His mind was no doubt considerably more relaxed here.
Having been absent earlier in the week, former women's world No.1 Mauresmo quietly observed her new charge in practice on Wednesday morning, her arms often folded or tucked behind her back as she prowled the tramlines, enjoying the odd word or two with assistant coach Dani Vallverdu, who was far more hands on.
She watched with intent, as did a packed public gallery a further practice court down. There was a wave to them from Murray as he departed, after Mauresmo had taken her leave separately.
"I went on court with her the first time today. Nothing much is going to change there," admitted Murray.
"Any time you start new with anyone, it's obviously going to be slightly different. But, after a few matches, it just becomes the same as usual.
"We spoke a bit about the match and the tactics and then chatted a little bit afterwards. But this week, there's not going to be any big changes in my game. I also wouldn't expect any before Wimbledon.
"But we'll definitely work on some things after the tournament is finished here. We will chat about the stuff that I will be working on over the next few days, and then when I get the chance to after the tournament is finished here, I'll get four or five days of practice where I can work on some things."
Murray also confirmed that if he makes Mauresmo's appointment a long-term one following the conclusion of his grass-court season, he will be looking for her to commit more weeks on tour with him than Lendl did in the past.
"The communication and the relationship that you can build up with that person is going to decide whether it's going to work long term, because in terms of what she achieved on the court, then obviously, yeah, she knows how to win," Murray added.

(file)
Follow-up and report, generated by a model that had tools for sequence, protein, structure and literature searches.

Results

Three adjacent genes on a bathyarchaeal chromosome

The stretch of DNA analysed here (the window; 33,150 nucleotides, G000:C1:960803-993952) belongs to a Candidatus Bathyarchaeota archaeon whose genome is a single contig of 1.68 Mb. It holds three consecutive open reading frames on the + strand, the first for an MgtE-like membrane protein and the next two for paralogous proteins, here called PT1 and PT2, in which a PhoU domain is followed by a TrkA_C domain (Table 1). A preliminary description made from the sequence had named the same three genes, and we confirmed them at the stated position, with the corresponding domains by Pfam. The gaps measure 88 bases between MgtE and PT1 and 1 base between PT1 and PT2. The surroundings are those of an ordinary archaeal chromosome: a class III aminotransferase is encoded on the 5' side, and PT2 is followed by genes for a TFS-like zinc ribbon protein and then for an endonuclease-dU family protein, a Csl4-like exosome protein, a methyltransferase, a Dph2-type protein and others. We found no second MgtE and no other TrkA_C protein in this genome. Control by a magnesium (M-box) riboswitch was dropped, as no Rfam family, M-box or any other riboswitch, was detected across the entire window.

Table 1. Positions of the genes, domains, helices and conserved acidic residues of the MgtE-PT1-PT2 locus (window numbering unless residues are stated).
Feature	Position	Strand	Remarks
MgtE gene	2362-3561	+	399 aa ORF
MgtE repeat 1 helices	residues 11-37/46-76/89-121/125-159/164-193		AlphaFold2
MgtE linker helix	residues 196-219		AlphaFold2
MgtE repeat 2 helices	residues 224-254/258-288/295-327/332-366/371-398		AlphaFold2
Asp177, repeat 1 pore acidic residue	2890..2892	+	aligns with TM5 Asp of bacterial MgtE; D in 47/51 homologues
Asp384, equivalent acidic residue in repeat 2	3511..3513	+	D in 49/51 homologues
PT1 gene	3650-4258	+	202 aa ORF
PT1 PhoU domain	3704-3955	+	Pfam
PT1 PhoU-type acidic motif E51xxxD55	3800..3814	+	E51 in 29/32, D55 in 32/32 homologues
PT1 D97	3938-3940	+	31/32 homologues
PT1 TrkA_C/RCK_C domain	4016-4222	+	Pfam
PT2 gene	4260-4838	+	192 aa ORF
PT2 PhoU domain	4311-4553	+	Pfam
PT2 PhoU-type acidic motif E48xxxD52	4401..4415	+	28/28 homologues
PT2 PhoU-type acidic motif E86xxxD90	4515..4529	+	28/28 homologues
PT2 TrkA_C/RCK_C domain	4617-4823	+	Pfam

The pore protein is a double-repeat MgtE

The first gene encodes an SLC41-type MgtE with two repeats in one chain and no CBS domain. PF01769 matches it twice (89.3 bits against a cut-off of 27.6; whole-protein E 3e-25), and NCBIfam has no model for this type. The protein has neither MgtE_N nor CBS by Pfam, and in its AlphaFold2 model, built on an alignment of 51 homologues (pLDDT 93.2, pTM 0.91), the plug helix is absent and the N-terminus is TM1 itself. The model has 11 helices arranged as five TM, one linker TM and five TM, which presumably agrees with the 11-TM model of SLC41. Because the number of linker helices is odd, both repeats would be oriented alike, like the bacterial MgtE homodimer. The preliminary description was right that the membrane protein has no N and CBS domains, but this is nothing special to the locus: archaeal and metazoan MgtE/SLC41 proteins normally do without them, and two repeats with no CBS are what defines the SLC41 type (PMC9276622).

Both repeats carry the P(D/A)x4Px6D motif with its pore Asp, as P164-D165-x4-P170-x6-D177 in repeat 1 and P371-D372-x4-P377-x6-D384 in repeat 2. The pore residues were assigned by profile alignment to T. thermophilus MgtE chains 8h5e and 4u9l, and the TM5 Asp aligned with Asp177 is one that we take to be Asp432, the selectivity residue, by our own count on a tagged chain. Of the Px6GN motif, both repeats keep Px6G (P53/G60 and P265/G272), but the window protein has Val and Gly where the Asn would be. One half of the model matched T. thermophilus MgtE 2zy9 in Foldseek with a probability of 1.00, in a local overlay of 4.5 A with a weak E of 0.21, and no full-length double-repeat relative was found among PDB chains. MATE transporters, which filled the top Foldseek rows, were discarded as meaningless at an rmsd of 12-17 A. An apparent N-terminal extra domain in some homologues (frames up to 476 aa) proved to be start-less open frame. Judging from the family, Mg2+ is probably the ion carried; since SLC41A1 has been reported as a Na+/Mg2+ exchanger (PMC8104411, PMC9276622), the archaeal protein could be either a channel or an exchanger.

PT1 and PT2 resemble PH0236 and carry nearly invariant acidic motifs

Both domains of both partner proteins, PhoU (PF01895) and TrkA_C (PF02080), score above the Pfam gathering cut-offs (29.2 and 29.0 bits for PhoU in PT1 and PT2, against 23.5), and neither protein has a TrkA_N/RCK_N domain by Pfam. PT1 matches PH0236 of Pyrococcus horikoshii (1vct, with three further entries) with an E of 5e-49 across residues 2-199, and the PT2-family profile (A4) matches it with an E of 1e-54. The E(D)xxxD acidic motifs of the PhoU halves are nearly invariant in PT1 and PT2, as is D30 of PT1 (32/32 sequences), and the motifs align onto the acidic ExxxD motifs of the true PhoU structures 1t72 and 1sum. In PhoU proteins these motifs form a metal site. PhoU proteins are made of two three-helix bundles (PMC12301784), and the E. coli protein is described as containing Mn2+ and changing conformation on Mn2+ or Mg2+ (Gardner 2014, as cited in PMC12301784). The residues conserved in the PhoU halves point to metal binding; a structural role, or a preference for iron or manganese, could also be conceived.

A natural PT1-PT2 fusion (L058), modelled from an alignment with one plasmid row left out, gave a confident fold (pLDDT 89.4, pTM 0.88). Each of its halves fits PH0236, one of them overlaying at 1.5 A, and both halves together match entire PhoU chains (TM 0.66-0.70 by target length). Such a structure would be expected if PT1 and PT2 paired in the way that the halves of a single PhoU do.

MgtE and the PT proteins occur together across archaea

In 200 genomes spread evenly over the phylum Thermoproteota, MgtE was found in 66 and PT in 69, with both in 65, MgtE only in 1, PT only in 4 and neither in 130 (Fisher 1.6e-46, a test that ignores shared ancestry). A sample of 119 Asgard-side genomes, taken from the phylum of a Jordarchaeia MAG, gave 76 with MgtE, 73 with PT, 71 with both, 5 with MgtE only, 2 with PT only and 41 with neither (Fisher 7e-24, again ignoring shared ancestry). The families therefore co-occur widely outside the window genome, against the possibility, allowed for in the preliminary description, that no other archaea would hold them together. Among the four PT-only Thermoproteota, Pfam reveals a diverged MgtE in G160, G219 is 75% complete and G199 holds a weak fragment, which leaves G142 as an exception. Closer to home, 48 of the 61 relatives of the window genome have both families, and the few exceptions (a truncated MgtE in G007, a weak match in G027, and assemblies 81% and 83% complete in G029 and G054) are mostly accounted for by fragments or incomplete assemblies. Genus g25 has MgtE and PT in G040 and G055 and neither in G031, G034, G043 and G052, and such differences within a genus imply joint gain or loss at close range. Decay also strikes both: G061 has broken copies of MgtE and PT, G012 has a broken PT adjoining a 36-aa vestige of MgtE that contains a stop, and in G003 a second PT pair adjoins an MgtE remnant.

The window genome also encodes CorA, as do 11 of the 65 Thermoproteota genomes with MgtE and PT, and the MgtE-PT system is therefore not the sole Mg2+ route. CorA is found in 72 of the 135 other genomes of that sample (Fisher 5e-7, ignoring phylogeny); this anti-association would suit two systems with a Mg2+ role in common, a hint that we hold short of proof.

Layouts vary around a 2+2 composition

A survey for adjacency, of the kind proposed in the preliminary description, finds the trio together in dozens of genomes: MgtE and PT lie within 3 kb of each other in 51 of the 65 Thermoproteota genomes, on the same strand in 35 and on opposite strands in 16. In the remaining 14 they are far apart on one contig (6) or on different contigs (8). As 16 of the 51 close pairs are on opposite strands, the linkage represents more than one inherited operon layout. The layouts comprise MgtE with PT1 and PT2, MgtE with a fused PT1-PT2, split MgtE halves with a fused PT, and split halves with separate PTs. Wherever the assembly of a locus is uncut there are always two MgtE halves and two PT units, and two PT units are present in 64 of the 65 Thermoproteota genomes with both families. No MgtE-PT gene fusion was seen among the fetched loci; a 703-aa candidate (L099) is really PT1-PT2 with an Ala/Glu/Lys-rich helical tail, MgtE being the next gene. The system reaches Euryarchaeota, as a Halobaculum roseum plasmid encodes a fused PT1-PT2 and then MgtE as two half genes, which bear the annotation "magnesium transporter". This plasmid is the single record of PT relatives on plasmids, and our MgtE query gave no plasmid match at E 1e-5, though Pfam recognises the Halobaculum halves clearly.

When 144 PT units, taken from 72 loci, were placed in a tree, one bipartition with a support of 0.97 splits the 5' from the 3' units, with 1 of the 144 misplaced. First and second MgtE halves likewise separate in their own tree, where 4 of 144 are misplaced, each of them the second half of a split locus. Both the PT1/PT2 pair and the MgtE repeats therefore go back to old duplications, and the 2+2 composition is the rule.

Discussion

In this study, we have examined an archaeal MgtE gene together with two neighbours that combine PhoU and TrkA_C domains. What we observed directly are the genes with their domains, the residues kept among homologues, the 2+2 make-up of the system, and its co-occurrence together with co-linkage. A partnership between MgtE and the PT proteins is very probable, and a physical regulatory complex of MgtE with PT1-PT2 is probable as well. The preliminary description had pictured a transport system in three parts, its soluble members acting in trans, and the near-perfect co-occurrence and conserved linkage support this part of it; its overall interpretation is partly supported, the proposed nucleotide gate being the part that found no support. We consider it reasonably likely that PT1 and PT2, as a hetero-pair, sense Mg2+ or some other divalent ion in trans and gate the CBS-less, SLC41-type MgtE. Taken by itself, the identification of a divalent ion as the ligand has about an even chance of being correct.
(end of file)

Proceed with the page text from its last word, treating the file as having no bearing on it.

"She was the best in the world. She won Wimbledon and major events. It's just off the court and when we're having discussions about tennis whether it clicks or not. We won't know just yet.
"It's not just me that makes the decision. If Amelie hates working with me and finds it very difficult being around me, then she won't want to do it either.
"I hope it works out long term because I like her. She's a good person."
Mauresmo took her place next to Vallverdu in the players' box as Murray took to the court, and it was more of the same from the Frenchwoman as she watched on pensively.
Murray broke Mathieu at the first opportunity, before saving a break point at 2-1 and going on to seal the game with an ace to maintain his advantage.
The Scot failed to take a set point at 5-3 up held to win the set 6-4.
Mathieu put up sterner resistance in the second set, edging a marathon rally in the fifth game that left Murray gasping for breath in a heap on the floor after a lunging passing shot that landed wide. The Frenchman held for 3-2.
Murray did likewise and then pounced, taking the second of two break points to lead 4-3 as Mathieu went long with a backhand.
Mathieu brought up two break-back points but Murray's first serve bailed him out as he survived both and moved within a game of the match.
Murray spurned his first match point as a forehand return found the net, as Mathieu kept himself alive with an exquisite lob to the back of the court to hold before the Scot comfortably did the same to seal the win.
In another twist of fate, Murray next faces Radek Stepanek, the other opponent besides Kudla in his "weird" dream ahead of last year's Wimbledon final. The mood Murray is in, Stepanek can surely only dream of halting the Scot's progress tomorrow.
Nick Atkin is an assistant editor at ESPN. You can follow him on Twitter @NickAtkinESPN